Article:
November 13, 1984. Pages 3048-3089, 3090-3114 (George Carver of CIA, direct examination). 3115-3155 (George Carver, direct and cross-examination) 3156-3197, 3198-3229 (George Carver, cross-examination).
November 20, 1984. Pages 3795-3836 (William Bundy, direct examination); 3837-3882 (William Bundy, cross-examination); 3883-3931 General Westmoreland, direct and cross-examination; 3932-3959 (General Westmoreland, cross-examination).
December 3, 1984. Pages 4400-4449, 4450-4485, 4486-4518, 4519-4540 (General William Westmoreland, cross-examination), 4541-4580 (cross-examination, and discussions between attorneys and the judge), 4581-4603 (discussions between attorneys and the judge).
December 4, 1984. Pages 4605-4632 (General William Westmoreland, cross-examination); 4633-4661 (Paul Nitze, direct and cross-examination); 4662-4692 (Nitze cross-examination); 4693-4733 (Nitze redirect, Westmoreland redirect); 4734-4768 (Westmoreland redirect and recross).
On January 8, 1985, the attorney for General Westmoreland rested his case, and the attorney for CBS and the individual defendants began presenting their defense
January 8, 1985. Pages 6472-6520 (Westmoreland's attorney wraps up his case; defendants' attorney begins the defense case with testimony, by deposition, of Joseph Zigman [a CBS producer] and Dwain R. Gatterdam [a CIA analyst]), 6521-6565 (Gatterdam, continued).
January 9, 1985. Pages 6566-6615 (James P. Johnson, a Republican member of the U.S. House of Representatives from 1973 to 1981, who had served in the Select Committee on Intelligence [Pike Committee] from 1975 to 1976), and David C. Morgan, who had been deputy chief of the order of battle section of U.S. intelligence in Saigon), 6616-6659 (discussion by attorneys of clips of videotapes, which were played to the jury but not transcribed for the trial transcript, of statements by Marshall Lynn and George Hamscher; beginning of testimony by George Hamscher, an intelligence colonel who moved from DIA to CINCPAC in the summer of 1967), 6660-6699, 6700-6716 (Hamscher, continued).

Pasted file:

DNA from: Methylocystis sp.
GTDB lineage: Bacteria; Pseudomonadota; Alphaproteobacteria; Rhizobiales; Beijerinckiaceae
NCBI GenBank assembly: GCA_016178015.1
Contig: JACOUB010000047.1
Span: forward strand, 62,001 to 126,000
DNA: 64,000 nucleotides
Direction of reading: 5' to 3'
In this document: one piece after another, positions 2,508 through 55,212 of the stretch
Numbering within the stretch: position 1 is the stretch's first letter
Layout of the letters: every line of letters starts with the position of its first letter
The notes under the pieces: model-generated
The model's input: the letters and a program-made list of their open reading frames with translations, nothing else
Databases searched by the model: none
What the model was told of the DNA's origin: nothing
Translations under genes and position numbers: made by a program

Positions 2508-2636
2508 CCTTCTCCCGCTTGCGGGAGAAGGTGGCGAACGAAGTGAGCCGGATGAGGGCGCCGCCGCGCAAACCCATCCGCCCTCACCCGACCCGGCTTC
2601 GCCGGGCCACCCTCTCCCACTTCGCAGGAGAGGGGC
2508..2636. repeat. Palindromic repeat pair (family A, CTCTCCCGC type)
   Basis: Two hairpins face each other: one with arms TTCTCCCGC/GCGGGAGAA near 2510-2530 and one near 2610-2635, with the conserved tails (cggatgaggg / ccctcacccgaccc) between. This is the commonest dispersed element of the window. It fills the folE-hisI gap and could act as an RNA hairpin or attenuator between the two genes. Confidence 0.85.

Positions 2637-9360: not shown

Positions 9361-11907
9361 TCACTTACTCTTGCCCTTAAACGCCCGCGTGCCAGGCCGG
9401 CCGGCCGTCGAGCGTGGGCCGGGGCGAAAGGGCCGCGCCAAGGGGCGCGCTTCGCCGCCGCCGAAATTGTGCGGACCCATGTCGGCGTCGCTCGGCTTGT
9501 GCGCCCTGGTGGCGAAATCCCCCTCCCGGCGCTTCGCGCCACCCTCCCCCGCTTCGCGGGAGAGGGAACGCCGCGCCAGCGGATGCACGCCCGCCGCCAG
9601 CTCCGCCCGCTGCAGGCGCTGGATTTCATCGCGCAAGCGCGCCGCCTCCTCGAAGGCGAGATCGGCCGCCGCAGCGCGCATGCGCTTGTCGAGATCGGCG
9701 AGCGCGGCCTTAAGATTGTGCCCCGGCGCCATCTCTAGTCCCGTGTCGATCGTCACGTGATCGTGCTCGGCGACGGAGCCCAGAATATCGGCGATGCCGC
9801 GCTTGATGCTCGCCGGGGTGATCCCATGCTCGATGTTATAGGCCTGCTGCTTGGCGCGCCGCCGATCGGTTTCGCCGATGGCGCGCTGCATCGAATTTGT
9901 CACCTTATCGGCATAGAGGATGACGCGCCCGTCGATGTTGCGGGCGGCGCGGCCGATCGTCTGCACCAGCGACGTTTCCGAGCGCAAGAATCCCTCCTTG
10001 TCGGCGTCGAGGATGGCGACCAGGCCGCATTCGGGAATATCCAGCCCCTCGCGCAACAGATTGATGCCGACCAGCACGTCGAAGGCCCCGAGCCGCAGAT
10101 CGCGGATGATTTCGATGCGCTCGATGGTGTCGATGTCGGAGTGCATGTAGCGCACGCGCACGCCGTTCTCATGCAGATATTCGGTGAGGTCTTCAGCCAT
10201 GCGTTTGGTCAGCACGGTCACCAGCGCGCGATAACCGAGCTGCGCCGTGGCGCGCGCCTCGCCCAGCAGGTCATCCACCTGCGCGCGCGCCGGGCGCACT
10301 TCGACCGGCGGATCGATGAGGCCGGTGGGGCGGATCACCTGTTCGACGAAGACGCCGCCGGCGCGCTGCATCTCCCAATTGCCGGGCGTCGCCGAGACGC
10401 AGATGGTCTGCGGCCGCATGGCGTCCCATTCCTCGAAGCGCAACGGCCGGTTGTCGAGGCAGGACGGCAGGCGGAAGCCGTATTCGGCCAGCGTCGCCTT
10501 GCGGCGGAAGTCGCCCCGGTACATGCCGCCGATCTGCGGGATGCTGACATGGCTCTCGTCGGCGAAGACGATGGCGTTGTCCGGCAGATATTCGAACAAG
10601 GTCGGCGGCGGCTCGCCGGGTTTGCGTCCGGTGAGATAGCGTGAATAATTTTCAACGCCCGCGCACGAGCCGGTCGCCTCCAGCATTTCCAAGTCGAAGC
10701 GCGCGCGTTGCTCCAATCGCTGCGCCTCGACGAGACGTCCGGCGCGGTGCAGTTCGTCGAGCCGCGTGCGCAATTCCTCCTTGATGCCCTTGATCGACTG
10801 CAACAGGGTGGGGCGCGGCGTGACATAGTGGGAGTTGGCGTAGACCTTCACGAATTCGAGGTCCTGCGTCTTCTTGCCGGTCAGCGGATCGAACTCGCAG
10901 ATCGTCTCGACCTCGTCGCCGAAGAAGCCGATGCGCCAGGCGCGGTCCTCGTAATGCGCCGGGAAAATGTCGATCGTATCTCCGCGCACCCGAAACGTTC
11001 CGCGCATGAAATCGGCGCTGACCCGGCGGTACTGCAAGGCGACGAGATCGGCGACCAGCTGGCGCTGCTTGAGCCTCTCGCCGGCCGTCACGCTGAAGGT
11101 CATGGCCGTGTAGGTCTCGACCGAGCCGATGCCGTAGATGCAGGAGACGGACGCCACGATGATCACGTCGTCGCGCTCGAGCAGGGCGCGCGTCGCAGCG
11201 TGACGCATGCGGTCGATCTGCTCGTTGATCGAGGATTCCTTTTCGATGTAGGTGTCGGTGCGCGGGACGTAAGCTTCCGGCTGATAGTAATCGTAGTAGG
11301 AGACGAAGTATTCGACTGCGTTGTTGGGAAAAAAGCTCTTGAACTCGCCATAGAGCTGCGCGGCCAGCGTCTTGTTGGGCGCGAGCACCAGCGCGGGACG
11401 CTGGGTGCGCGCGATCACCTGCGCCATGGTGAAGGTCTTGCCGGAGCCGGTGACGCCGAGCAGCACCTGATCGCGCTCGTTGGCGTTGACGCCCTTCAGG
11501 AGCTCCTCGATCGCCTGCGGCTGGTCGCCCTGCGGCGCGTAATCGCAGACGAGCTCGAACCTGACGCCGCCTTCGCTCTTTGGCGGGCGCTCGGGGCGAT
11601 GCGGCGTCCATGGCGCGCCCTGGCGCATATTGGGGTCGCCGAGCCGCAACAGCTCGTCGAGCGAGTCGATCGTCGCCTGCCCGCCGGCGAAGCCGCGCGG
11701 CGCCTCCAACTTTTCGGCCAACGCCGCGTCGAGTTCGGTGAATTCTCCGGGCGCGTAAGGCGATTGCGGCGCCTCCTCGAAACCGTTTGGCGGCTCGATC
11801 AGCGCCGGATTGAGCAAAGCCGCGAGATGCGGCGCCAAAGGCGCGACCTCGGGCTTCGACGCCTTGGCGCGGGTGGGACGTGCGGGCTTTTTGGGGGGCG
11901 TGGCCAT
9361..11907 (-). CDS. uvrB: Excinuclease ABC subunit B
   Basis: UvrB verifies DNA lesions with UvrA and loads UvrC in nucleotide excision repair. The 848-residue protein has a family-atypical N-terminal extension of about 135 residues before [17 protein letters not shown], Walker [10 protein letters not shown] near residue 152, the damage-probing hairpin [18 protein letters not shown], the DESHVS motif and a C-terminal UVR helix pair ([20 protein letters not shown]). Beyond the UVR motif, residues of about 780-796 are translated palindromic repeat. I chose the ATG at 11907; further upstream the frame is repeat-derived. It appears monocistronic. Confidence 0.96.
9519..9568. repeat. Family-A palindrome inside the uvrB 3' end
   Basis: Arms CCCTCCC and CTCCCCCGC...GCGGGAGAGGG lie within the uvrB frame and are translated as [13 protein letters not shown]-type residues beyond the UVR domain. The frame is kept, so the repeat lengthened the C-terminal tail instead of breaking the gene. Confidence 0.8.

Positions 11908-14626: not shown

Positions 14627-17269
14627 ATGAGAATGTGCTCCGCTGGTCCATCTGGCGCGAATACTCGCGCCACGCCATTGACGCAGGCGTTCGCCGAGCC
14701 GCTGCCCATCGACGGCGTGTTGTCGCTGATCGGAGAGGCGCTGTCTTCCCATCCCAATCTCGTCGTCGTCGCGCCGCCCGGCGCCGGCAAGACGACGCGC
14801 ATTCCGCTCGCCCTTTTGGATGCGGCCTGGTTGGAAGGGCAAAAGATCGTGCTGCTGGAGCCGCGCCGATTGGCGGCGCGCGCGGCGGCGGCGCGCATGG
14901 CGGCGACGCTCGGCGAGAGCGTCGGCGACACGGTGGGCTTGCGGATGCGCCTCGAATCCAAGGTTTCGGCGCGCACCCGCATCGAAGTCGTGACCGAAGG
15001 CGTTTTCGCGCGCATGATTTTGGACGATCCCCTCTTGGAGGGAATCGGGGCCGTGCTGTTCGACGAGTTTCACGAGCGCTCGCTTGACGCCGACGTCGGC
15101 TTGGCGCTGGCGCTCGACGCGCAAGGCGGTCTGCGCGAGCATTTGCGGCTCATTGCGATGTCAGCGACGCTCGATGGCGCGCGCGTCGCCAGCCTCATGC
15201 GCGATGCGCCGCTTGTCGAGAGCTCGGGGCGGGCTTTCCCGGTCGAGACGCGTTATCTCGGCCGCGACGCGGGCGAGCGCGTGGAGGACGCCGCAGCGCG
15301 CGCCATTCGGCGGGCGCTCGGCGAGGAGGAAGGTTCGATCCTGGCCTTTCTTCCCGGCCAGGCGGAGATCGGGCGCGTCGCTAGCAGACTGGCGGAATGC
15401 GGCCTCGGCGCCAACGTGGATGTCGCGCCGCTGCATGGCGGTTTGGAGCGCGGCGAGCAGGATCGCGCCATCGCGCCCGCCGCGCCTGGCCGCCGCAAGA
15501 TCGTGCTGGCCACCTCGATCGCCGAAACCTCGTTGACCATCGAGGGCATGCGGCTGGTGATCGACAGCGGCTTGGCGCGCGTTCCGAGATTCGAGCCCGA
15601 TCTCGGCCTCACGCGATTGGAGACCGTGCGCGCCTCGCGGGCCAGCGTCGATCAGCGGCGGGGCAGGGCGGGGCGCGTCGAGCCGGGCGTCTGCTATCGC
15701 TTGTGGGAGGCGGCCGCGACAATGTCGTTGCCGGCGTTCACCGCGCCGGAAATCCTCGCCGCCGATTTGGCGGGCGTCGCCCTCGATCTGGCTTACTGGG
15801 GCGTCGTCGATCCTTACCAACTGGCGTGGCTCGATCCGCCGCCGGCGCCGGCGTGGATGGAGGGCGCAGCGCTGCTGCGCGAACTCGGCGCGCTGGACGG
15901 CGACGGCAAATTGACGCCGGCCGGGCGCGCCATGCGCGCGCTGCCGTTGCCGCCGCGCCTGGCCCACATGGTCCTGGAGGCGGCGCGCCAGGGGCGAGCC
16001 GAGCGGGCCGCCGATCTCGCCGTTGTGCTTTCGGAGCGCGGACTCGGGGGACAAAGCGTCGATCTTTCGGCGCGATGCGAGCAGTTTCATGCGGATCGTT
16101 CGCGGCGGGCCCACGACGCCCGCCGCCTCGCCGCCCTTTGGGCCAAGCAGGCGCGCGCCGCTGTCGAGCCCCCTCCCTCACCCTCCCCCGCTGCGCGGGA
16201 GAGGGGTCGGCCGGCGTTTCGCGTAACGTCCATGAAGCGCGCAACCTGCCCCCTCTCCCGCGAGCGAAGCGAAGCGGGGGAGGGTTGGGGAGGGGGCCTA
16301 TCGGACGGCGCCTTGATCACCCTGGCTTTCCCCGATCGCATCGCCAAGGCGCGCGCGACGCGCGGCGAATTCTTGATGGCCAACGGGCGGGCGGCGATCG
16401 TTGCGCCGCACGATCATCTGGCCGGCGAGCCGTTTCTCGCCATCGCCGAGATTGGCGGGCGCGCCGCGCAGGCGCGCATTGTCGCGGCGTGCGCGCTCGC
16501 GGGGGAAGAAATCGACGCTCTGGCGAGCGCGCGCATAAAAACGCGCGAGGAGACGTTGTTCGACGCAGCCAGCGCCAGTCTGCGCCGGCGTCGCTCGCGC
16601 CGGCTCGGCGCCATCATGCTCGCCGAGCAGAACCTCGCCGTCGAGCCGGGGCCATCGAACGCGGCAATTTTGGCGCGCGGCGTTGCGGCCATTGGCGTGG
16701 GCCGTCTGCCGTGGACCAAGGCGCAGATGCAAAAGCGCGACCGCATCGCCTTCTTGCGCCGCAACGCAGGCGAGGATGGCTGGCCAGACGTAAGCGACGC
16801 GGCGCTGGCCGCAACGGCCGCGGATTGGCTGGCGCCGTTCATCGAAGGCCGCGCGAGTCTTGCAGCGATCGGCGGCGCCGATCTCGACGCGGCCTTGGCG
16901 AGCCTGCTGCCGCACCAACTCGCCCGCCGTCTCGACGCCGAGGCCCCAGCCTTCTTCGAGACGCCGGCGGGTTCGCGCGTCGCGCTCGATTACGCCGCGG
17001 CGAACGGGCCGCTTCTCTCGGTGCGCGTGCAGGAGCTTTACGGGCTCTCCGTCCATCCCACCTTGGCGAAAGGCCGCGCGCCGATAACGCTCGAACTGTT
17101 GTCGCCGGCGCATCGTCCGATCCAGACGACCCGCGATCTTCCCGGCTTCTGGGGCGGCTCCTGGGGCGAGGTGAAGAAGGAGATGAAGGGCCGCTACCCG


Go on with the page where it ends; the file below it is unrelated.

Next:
January 10: Pages 6779-6803 (beginning of testimony by Sam Adams, defendant and former CIA analyst).
January 23, 1985. The witness was George W. Allen, who had been a senior CIA analyst. Pages 7737-7784 and 7785-7826 (direct examination of Allen); pages 7827-7871 (direct examination of Allen concludes, cross-examination begins). There should be more pages for this date, but I have not located them.
January 24: 7914-7944, 7945-7971 (George Allen, cross-examination); 7972-7997 (George Allen, redirect); 7998-8017 (George Allen, redirect and recross); 8018-8042 (George Allen, redirect; Douglas Joseph Parry, testifying by deposition, who had been a fairly low-level CIA analyst on guerrillas and militia); 8043-8070 (Parry, continued).
January 28: 8072-8118 (Douglas Parry, continued), 8119-8138 (Parry, continued; John Dickerson, who worked for CIA January 1964 to January 1968, of which time he was in Saigon December 1965 to November 1967, doing analysis on enemy logistics), 8139-8156 (Paul N. McCloskey, Jr., a former Marine officer who was elected to the U.S. House of Representatives, R-Calif, in a special election in December 1967, and immediately went on the first of several fact-finding trips to Vietnam), 8159-8187, 8188-8237 (McCloskey, continued),
January 29: 8239-8287 (Ronald Lee Smith, who had been Sam Adams' boss for a while at CIA), 8288-8327, 8328-8346 (Smith cross-examination), 8347-8365 (John Moore), 8366-8401 (Col. William Cover, who was G-2 of I Field Force March-August 1966, then was chief of estimates for MACV J-2 August 1966 to March 1967).
January 30: 8403-8445 (Ronald Smith, cross-examination and redirect), 8446-8494 (Richard Kovar [who from early 1963 to January 1, 1968, was an executive assistant to the DDI, working mostly on Vietnam--he was de facto the DDI's special assistant for Vietnam affairs], direct examination), 8495-8521 (Kovar, cross and redirect examination), 8522-8538 (the running heads at the tops of the pages claim this is still Kovar, but it isn't; it is testimony by deposition of Bernard Gattozzi, who arrived in Vietnam in September 1967, and was assigned to J-2 MACV, where he soon began working on order of battle methodology under Lt. Col. Everette Parkins), 8539-8575 (Gattozzi).
January 31: Pages 8577-8616 (Joseph Clement Stumpf, III, who had been a CIA analyst, particulary of administrative services), 8617-8653 (Stumpf, continued; interim summations by attorneys for both sides; begin examination of Greg Rushford, who had been an investigator for the House Select Committee on Intelligence (Pike Committee) in 1975 and 1976), 8654-8703.